INFORMATION and communication technology (ICT) is one of the fastest developing sectors within the EU, and Slovakia is no exception. The sector employs about 40,000 people here, whose average monthly wage is €1,750, the Košice daily Korzár wrote in late March.
“IT companies are a significant part of Slovakia’s industry, given that they [pay] just in income and payroll taxes roughly €470 million annually,” Juraj Sabaka, the president of the Slovak IT Association (ITAS) said at the Quo Vadis ICT conference held in Košice in March, adding that by comparison, the automotive industry, which employs 50 percent more people, provides only €300 million to the state annually. “Also in 2013 we expect wages in the ICT sector to grow by about 5 percent across Slovakia.”
The conference focused on three topics: trends in ICT, IT Valley as a communication platform and good practices in the region of eastern Slovakia.
Jozef Ondáš, the executive director of the Košice IT Valley association, under which ICT companies in the region are clustered, said that more than 95 percent of all activities of companies from IT Valley are exported around the globe.
“We do not need highways to develop ICT,” said Ondáš. “But we have to inevitably invest in the interconnection of business with academia, innovation and a creative economy.”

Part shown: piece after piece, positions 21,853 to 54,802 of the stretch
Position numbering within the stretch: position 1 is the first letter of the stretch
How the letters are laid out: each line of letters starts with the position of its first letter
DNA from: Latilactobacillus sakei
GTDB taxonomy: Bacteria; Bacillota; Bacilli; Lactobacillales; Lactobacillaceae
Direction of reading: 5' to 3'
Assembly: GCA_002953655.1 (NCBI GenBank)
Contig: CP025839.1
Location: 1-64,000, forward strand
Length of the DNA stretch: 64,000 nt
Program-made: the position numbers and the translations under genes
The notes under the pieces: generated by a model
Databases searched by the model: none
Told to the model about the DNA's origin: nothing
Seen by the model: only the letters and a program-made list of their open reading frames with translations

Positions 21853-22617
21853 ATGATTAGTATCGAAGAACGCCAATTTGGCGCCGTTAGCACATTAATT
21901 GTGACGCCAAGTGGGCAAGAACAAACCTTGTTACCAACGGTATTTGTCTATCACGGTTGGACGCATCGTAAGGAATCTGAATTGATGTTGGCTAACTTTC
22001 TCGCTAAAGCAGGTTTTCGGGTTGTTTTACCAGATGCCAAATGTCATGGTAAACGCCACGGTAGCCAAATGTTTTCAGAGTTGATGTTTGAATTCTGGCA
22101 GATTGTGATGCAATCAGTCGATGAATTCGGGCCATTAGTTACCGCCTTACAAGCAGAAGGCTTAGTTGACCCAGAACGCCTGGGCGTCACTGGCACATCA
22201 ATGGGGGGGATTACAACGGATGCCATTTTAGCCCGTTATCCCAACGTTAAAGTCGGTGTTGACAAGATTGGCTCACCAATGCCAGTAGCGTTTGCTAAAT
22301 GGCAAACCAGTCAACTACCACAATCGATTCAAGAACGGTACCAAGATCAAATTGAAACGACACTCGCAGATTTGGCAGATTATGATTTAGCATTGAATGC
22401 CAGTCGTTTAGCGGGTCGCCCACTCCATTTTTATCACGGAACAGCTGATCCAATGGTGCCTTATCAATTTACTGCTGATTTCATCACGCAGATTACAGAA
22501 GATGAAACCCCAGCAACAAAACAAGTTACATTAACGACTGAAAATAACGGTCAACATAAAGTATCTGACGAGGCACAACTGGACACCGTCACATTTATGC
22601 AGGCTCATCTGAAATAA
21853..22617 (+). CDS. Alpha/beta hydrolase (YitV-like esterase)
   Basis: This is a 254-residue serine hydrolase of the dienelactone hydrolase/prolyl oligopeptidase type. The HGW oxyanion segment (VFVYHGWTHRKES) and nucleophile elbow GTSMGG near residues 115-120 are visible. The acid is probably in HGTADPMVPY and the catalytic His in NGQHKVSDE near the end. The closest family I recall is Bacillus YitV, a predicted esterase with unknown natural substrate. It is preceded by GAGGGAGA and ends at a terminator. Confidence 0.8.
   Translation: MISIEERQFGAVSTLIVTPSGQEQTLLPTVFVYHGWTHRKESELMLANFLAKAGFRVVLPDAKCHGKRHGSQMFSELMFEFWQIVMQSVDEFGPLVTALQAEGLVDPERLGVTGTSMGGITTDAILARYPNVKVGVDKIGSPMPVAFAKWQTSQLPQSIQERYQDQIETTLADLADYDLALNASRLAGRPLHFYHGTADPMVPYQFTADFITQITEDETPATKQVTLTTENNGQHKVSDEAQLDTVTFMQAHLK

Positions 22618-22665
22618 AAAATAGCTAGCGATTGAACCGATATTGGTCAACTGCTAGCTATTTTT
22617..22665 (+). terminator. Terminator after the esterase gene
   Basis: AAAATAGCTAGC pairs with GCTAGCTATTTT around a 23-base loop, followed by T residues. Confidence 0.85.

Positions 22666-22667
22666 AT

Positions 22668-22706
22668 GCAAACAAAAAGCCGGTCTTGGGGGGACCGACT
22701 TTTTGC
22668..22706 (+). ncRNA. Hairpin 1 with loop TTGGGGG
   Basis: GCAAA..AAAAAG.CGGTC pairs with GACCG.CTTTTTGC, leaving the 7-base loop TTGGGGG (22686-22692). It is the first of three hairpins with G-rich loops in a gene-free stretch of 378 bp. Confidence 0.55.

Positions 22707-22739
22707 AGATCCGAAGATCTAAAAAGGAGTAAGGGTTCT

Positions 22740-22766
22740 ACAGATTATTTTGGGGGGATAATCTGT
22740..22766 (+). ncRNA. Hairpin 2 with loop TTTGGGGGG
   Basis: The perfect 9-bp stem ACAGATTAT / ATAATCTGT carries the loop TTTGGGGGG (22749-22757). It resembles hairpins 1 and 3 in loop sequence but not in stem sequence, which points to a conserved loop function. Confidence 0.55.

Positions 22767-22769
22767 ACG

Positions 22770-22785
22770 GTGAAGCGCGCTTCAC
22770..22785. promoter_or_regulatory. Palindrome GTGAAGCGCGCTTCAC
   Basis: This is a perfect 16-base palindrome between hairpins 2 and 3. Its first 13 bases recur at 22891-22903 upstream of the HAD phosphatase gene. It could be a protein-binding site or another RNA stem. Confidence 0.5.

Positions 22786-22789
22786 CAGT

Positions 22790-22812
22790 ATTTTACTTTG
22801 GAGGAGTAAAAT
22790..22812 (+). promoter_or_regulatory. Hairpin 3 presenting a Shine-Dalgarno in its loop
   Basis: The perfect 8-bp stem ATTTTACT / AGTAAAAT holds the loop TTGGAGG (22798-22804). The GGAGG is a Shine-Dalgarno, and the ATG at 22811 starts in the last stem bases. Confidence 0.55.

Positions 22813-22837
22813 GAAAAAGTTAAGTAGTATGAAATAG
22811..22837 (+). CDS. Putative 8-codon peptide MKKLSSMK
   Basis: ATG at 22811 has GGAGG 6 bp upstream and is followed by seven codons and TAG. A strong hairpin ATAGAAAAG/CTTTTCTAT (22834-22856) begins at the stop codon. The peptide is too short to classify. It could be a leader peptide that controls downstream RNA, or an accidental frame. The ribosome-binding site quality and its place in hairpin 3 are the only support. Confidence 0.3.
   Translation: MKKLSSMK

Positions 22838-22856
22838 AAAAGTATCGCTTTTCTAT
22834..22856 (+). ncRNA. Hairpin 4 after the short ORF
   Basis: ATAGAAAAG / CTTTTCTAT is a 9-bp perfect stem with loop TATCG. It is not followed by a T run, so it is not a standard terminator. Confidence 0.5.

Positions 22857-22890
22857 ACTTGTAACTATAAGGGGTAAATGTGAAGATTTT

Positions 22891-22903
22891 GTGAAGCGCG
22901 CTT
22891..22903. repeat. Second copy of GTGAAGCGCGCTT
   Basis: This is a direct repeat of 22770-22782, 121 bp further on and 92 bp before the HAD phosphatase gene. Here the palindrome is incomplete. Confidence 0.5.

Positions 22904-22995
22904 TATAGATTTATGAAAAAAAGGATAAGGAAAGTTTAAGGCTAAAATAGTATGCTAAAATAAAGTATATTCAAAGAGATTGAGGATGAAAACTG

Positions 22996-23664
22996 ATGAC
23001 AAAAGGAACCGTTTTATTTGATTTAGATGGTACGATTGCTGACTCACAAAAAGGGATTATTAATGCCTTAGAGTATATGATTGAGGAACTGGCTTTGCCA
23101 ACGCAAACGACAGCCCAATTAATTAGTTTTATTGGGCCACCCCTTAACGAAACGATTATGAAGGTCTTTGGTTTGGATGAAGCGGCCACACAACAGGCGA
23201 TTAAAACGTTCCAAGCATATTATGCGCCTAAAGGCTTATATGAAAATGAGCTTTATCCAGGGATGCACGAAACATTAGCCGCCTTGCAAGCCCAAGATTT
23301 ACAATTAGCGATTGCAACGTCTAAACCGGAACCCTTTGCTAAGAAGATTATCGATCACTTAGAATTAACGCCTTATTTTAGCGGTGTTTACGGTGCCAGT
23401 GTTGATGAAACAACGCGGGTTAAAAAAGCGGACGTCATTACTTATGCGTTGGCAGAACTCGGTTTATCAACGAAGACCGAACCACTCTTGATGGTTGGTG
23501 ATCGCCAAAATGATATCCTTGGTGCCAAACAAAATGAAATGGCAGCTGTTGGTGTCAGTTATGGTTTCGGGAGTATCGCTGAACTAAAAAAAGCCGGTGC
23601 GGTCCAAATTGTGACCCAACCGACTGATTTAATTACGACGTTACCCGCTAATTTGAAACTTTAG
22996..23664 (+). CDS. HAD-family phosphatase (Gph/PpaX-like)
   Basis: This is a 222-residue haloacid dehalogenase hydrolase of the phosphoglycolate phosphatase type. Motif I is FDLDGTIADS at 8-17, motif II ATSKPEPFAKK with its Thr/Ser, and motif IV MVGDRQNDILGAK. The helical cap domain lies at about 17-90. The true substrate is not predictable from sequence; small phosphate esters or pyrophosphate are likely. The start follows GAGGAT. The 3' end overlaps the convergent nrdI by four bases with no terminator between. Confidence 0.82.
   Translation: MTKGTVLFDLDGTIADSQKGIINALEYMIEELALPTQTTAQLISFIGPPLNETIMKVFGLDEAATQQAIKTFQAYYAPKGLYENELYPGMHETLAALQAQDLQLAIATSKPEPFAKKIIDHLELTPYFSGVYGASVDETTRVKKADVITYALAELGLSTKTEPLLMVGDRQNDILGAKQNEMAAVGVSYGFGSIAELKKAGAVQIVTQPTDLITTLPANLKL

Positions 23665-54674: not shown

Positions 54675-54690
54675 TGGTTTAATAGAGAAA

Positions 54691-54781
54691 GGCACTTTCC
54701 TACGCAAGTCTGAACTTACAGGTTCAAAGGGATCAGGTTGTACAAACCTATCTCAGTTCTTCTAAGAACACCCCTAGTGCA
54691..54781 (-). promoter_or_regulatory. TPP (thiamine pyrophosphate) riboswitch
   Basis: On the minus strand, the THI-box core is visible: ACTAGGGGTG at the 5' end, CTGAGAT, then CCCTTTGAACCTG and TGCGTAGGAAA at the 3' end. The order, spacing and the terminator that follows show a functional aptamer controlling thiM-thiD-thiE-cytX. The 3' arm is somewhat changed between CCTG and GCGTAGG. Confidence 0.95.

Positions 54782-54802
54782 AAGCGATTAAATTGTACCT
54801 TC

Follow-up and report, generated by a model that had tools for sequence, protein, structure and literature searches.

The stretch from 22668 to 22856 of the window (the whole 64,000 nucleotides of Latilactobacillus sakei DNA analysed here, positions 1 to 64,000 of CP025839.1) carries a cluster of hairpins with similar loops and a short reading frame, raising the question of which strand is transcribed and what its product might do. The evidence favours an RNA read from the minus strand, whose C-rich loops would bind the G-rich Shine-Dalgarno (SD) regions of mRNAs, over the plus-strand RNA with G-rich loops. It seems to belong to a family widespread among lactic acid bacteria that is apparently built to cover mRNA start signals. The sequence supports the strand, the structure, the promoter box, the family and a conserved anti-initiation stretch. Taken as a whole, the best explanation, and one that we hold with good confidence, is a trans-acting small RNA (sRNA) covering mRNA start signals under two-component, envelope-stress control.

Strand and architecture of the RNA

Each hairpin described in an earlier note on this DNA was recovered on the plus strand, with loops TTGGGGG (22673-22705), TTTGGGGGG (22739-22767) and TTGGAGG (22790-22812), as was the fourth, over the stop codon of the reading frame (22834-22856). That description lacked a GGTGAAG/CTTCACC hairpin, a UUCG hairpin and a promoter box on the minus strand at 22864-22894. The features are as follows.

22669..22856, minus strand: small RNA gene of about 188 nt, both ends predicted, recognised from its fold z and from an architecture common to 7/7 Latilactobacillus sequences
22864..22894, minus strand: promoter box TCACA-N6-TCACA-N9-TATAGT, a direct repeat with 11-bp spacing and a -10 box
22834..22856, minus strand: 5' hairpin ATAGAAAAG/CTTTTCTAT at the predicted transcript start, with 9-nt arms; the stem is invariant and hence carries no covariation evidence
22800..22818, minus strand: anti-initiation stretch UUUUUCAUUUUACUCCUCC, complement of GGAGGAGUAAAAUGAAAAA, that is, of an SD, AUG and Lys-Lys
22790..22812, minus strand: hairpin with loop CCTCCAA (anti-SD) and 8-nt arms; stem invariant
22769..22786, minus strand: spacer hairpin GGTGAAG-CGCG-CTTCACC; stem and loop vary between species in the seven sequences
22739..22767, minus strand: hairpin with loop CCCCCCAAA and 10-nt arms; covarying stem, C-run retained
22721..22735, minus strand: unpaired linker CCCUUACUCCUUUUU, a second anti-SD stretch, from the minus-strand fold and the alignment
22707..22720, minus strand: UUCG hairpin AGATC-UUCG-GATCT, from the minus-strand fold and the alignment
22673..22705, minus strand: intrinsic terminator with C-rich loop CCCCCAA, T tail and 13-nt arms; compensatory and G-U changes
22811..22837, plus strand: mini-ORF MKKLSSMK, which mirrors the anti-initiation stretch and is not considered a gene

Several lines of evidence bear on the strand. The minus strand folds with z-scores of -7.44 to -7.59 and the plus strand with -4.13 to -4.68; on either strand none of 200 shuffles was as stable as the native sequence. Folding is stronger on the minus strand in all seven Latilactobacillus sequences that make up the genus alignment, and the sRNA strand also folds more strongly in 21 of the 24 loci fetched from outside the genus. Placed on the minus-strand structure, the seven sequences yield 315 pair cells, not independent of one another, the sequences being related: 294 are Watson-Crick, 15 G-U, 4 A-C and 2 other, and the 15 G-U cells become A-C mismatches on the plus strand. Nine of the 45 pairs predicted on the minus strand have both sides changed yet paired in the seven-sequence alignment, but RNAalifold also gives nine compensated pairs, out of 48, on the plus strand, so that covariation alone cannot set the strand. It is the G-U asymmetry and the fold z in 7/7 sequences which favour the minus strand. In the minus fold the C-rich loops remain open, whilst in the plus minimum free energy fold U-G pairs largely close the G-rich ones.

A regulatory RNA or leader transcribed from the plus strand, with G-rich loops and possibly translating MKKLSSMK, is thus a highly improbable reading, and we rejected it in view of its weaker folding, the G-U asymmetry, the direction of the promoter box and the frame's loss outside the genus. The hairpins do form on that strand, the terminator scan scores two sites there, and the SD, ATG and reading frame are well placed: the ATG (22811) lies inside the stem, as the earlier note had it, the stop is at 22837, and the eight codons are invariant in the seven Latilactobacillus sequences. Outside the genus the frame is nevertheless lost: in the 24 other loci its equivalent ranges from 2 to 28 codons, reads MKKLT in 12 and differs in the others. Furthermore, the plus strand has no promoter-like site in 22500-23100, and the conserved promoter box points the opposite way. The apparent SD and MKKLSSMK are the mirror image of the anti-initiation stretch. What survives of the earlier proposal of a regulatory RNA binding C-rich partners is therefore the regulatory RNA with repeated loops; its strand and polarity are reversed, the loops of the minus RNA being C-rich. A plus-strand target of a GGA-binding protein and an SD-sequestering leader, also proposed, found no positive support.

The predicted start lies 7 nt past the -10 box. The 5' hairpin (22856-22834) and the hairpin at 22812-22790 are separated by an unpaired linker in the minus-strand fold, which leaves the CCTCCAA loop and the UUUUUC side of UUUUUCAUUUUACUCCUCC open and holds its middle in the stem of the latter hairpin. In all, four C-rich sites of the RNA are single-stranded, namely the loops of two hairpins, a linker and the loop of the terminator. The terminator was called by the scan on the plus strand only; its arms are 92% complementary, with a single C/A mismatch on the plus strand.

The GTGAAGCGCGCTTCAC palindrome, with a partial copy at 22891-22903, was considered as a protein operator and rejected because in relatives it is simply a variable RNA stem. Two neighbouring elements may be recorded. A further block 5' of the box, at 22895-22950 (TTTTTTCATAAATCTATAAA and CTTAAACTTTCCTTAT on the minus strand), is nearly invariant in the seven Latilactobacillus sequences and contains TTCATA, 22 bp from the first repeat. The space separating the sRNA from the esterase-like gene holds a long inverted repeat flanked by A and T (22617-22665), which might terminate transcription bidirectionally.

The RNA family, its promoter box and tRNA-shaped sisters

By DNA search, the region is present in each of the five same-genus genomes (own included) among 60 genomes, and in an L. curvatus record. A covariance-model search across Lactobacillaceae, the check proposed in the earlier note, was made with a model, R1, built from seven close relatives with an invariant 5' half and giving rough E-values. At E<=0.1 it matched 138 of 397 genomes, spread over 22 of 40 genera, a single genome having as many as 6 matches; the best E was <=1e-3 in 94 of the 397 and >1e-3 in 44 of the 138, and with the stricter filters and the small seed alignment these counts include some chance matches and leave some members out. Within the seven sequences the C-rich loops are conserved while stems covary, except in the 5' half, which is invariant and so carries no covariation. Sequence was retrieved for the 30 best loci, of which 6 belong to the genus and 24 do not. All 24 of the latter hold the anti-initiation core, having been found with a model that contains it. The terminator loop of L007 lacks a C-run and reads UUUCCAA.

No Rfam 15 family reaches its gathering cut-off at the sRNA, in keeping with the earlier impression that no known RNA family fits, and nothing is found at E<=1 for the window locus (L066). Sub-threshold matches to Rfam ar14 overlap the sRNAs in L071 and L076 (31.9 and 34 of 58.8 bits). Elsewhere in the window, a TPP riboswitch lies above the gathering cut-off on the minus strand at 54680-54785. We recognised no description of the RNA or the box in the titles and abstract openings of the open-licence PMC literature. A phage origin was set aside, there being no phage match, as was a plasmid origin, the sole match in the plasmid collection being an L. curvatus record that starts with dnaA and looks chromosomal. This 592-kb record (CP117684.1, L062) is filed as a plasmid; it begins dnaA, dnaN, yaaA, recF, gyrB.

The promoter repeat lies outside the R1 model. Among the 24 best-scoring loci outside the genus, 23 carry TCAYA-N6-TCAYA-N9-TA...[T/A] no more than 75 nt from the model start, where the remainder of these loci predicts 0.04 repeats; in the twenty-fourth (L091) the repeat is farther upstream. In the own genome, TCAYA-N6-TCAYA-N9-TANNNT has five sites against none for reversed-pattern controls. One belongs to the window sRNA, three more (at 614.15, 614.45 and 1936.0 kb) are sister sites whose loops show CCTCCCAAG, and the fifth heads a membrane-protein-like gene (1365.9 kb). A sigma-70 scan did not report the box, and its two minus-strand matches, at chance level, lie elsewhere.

Two of Košice IT Valley’s major ambitions are to increase the number of members to 100, and for these companies, many of which provide outsourcing, to create an additional 4,000 jobs to exceed the level of 10,000 by 2020.
By the end of 2013 about 700 new positions should be created in the IT sector in Košice, and several companies from the Košice IT Valley association, like T-Systems, Siemens, RWE IT, Ness KDC and IBM, have already announced that they will recruit new staff thanks to orders for smart technologies in the energy sector.
The Košice-based arm of the US company AT&T, which is not a member of the IT Valley association, also wants to expand its number of staff. By the end of 2013 it plans to create almost 100 new jobs.
13. May 2013 at 0:00 | Compiled by Spectator staff